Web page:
The structural steel frames are bolted into the concrete pillars or the foundations; in some places it is set within the concrete retaining walls. The geometry of the components edges in relation to the connection design will dictate whether or not the components can be disassembled. A lightweight 100mm green roof on rubber drainage matting is simply laid on top of the metal deck roofing, allowing for easy removal (Figure 1).
Overall score 57%
An external roof walkway is in place to give full accessibility for maintenance. As seen in Figure 2, all high level lights are accessible from the central service corridor at roof level. Access to the external wall cladding and gutter cleaning can be carried out using scissor lifts. All internal finishes in the amenity block can be soft stripped as and when a refit is required ort at end of life.
Overall score 58%
Primary material types used in the building are concrete, steel, metal stud, glass and cladding of timber and aluminium. The steel frames could be reused, for a project of a similar construction requirement. The cladding could also be reused.
The mineral wool, extruded polystyrene insulation, the insulated panel backing and the composite metal roof are difficult to currently recycle. The rubber and vinyl flooring are unsuitable for reuse. Vinyl flooring can be recycled. The carpet tiles can be reused.
The majority of materials including timber cladding, aluminium components and structural steel can be easily retrieved during maintenance/demolition for reuse.
The concrete floor and foundation, could be recycled as aggregate, depending on whether it is possible to separate and sort steel and concrete cost-effectively.
Overall score 66%
The concrete ski floor should be removed first to give access for scaffolding in order to remove any internal service, fixtures and fittings. Where structural steel frames are cast into retaining walls, it would have to be cut-off at the base in order to recycle or re-use. Cladding panels are all screwed, except the flat panel rain screen cladding which is riveted, and can be dismantled using a standard removal process.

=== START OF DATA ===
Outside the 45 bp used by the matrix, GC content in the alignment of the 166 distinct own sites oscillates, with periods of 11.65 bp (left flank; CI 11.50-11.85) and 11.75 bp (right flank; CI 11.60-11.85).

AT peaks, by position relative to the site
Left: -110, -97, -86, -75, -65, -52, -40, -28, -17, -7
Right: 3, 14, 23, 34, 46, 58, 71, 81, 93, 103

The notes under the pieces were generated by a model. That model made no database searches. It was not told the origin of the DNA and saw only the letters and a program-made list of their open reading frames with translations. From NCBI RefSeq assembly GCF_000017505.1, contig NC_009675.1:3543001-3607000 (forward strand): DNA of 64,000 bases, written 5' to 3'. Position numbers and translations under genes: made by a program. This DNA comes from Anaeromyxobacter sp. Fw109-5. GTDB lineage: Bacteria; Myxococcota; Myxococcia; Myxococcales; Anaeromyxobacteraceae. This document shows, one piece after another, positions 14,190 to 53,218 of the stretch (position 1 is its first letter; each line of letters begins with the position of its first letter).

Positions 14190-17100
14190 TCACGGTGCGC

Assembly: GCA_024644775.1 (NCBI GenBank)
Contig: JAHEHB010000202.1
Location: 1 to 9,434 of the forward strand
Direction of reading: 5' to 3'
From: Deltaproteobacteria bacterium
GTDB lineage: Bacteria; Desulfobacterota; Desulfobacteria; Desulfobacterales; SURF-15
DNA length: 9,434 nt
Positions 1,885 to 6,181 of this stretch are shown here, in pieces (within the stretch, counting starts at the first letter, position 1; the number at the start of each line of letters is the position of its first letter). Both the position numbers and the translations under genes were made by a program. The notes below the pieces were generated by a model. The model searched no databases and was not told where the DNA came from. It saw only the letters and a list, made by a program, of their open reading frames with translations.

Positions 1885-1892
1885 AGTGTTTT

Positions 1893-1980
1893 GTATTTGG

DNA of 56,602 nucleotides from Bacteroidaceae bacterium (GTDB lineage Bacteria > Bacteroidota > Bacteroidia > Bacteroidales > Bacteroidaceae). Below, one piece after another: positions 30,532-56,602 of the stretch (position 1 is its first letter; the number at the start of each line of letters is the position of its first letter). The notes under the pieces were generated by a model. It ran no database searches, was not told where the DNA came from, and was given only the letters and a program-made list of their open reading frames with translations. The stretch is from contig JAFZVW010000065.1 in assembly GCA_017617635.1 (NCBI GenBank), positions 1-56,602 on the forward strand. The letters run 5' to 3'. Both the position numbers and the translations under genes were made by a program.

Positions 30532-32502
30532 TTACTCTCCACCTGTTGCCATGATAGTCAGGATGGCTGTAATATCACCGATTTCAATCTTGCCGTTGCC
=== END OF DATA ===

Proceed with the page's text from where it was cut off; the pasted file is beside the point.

The building services i.e. air handling units and condensers were pre-mounted on to steel decking modules (6×7.5m) and bolted together on-site. Individual plant could be lowered down in the same way as it was installed. Internal finishes (e.g. carpet tiles, doors and windows) can be removed easily. The main staircase is constructed from steel sections with steel balustrades, which can be unbolted and reused.
The ski slope case study scored 61% overall for its DfD potential. Figure 3 shows the overall score by element. Elements which had greater potential for DfD are the steel frames, the cladding, the services and a number of the internal finishes. The connections criteria (69%) and the optimisation of the deconstruction process (66%) scored the highest and access the lowest (57%). A large number of mechanical fixings have been used which will aid the deconstruction process, as well as having accessibility a key requirement for operation maintenance. Key issues summarised are:
- Steel frames lend themselves for reuse. They are usually tested for their strength properties and coatings will be removed; they can then be refabricated which may involve cutting to new lengths. For this case study, the frame will have to be cut where it is set in the concrete retaining wall.
- Due to the use of rivets, bolts and nails for the cladding, it should be relatively easy to demount these for reuse.
- Whilst the green roof could be reused as it is simply laid onto the metal decking roof, it is currently unknown if this a viable option, as it is a relatively new construction type, with little cases of it reaching end of life.
- A number of materials are difficult to recycle, currently including the mineral wool, extruded polystyrene insulation, the insulated panel backing, composite metal roof and rubber flooring. More consideration can be given to products which are easier to recycle at end of life.
- The building services can be deconstructed following the same way they were constructed; however these details may be missing when the building reaches its end of life.